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Japan: medieval era migrations

Migration A–Z

J

  1. Klaus Vollmer

Published Online: 4 FEB 2013

DOI: 10.1002/9781444351071.wbeghm323

The Encyclopedia of Global Human Migration

The Encyclopedia of Global Human Migration

How to Cite

Vollmer, K. 2013. Japan: medieval era migrations. The Encyclopedia of Global Human Migration. .

Publication History

  1. Published Online: 4 FEB 2013

Abstract

In accounts of Japanese history and of contemporary Japanese culture and society the fact that Japan is an island country is often very much emphasized. Discourses on “Japanese uniqueness” which form the bulk of highly popular and very prolific so-called nihonron (discourses on Japan) highlight the consequences of this alleged geographical isolation: Japanese society and culture are portrayed as being ethnically and socially homogeneous due to a long history of isolation which resulted in a peculiar cultural development allegedly “undisturbed” by much external influence. In contrast to the history of mainland northeast Asia or continental Eurasia, with their extensive record of invasions and large-scale migration, this narrative points to the period of “closed country” (sakoku in Japanese) from the mid-17th through the mid-19th century as Japan's somewhat archetypical experience. In these 200 or so years which correspond to Japan's early modern period foreign relations were strictly regulated and severely limited: foreigners were not allowed to enter the country and no Japanese was allowed to travel abroad.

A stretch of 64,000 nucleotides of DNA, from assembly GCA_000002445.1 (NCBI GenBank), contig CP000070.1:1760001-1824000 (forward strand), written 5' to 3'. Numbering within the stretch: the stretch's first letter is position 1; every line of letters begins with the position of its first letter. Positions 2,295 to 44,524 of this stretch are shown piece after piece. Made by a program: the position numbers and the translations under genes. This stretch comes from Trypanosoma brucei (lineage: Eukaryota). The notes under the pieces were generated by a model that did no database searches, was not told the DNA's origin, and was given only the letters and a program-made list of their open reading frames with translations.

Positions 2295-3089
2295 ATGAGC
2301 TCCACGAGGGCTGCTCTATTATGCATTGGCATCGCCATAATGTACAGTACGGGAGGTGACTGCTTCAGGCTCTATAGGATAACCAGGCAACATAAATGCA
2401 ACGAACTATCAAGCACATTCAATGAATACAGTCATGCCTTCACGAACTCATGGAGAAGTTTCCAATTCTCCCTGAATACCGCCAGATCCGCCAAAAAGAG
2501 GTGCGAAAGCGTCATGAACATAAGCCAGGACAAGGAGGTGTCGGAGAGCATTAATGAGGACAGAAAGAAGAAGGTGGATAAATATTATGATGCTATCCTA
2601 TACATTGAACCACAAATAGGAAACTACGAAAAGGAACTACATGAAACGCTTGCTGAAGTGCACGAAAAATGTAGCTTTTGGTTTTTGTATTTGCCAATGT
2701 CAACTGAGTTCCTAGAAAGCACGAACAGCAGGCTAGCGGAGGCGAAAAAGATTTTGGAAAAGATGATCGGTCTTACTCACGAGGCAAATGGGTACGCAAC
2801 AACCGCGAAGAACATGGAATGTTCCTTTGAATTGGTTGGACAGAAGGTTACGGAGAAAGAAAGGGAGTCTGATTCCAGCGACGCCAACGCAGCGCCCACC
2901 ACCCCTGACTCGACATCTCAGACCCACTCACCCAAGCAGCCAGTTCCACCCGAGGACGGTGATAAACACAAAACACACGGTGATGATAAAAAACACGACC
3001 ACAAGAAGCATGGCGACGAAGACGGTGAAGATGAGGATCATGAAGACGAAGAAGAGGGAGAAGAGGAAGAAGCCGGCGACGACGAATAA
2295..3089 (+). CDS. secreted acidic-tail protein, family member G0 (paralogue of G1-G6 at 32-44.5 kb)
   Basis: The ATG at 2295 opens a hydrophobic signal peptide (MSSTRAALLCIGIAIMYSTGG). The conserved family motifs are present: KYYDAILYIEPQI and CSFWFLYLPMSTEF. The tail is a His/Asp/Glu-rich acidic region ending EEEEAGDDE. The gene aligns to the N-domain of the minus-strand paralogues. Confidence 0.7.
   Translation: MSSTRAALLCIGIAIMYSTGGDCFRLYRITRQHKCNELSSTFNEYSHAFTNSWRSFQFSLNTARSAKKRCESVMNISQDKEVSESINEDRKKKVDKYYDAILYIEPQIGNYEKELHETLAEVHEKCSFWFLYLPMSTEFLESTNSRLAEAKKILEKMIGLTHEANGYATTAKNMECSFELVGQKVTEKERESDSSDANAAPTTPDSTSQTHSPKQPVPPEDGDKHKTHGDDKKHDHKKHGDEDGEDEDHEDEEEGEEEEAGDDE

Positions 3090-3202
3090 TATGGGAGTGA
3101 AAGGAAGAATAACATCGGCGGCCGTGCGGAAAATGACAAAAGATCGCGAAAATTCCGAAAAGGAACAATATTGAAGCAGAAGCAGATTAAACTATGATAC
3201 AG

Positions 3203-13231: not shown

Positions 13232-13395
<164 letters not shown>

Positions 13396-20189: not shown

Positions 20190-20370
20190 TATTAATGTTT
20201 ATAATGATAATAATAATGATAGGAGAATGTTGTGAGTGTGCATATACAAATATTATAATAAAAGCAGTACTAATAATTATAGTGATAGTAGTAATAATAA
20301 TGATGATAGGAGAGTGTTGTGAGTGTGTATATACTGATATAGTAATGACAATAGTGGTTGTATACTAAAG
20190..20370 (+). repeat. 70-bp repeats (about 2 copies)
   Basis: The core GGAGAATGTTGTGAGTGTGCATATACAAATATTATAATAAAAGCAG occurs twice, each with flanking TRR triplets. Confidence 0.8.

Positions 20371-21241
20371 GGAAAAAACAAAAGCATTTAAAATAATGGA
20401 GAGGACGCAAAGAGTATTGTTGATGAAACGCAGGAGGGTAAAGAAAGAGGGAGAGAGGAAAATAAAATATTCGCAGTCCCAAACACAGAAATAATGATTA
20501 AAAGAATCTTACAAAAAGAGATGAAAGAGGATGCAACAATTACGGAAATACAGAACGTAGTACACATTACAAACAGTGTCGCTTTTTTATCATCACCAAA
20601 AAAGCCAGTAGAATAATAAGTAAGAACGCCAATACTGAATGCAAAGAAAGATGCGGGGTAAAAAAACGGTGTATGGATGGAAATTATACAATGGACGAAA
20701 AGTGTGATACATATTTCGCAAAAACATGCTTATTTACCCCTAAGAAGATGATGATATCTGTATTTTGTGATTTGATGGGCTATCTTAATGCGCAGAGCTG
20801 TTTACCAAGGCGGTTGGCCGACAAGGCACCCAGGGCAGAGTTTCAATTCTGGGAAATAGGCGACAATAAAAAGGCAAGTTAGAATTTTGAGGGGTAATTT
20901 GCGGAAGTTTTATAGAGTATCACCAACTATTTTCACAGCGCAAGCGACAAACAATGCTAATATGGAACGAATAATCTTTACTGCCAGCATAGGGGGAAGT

Keywords:

  • archaeology;
  • economics;
  • farming;
  • immigration;
  • Asia